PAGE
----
As we all know by now, “Studs Terkel passed away a few weeks ago”:http://www.chicagotribune.com/news/local/chi-studs-terkel-dead,0,2321576.story. Terkel is remembered for many things — an entertainer, a historian, an intellectual, someone whose history is intimately tied to the city of Chicago. Although few people discussed Terkel as an anthropologist it is clear that his work and vision of the world strikes very close to the center of many of our intuitions of what the discipline is about. Terkel found all people interesting, regardless of whether they were ‘interesting people’ or not. He felt that their lives were worth remembering, and respected the importance of his job — which was to remember them. His interviews are extraordinary for their candor, intimacy, and plainness. When people had stories to tell — for instance in Mamie Mobley’s “breathtaking story of the death of her son, Emmett Till”:http://www.studsterkel.org/results.php?keywords=mobley — he got out of the way. At other times he found a way to coax people into expressing thoughts and feelings they perhaps didn’t know they had or could articulate. He got people to wax philosophical and made them thoughtful.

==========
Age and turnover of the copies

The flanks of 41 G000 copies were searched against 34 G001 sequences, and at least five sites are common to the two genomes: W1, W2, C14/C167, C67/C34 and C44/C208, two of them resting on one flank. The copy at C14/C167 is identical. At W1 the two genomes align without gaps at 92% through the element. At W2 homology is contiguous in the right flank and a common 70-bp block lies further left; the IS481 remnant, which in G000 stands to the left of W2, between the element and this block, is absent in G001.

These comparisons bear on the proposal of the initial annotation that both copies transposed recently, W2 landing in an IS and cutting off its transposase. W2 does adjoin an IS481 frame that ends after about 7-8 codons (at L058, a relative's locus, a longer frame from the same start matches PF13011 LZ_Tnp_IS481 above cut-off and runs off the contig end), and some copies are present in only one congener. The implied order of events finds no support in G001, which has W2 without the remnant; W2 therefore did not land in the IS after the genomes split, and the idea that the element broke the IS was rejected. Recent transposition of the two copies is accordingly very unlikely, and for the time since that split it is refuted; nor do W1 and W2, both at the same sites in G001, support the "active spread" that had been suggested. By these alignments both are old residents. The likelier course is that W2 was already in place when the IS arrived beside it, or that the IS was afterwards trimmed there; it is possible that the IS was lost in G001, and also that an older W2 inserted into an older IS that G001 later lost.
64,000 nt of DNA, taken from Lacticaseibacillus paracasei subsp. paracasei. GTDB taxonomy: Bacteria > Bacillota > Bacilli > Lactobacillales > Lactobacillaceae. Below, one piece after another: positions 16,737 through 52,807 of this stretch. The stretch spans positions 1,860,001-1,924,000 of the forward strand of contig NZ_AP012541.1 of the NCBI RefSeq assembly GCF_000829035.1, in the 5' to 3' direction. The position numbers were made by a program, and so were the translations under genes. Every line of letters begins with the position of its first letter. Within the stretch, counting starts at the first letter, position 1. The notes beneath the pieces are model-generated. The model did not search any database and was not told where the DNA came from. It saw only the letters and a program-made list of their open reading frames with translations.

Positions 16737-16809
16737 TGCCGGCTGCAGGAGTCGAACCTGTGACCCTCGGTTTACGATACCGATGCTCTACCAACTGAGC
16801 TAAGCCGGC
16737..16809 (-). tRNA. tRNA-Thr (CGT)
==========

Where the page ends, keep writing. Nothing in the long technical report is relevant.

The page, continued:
Terkel became such a fixture on left-populist scene that many of us have forgotten — or perhaps never realized — the power of his example as an empathetic interviewer. But he deserves to be remembered for epitomizing a central anthropological intuition: that our experience as human living our lives with one another are precious and amazing and extraordinarily fleeting. He remembered ours — may we remember his.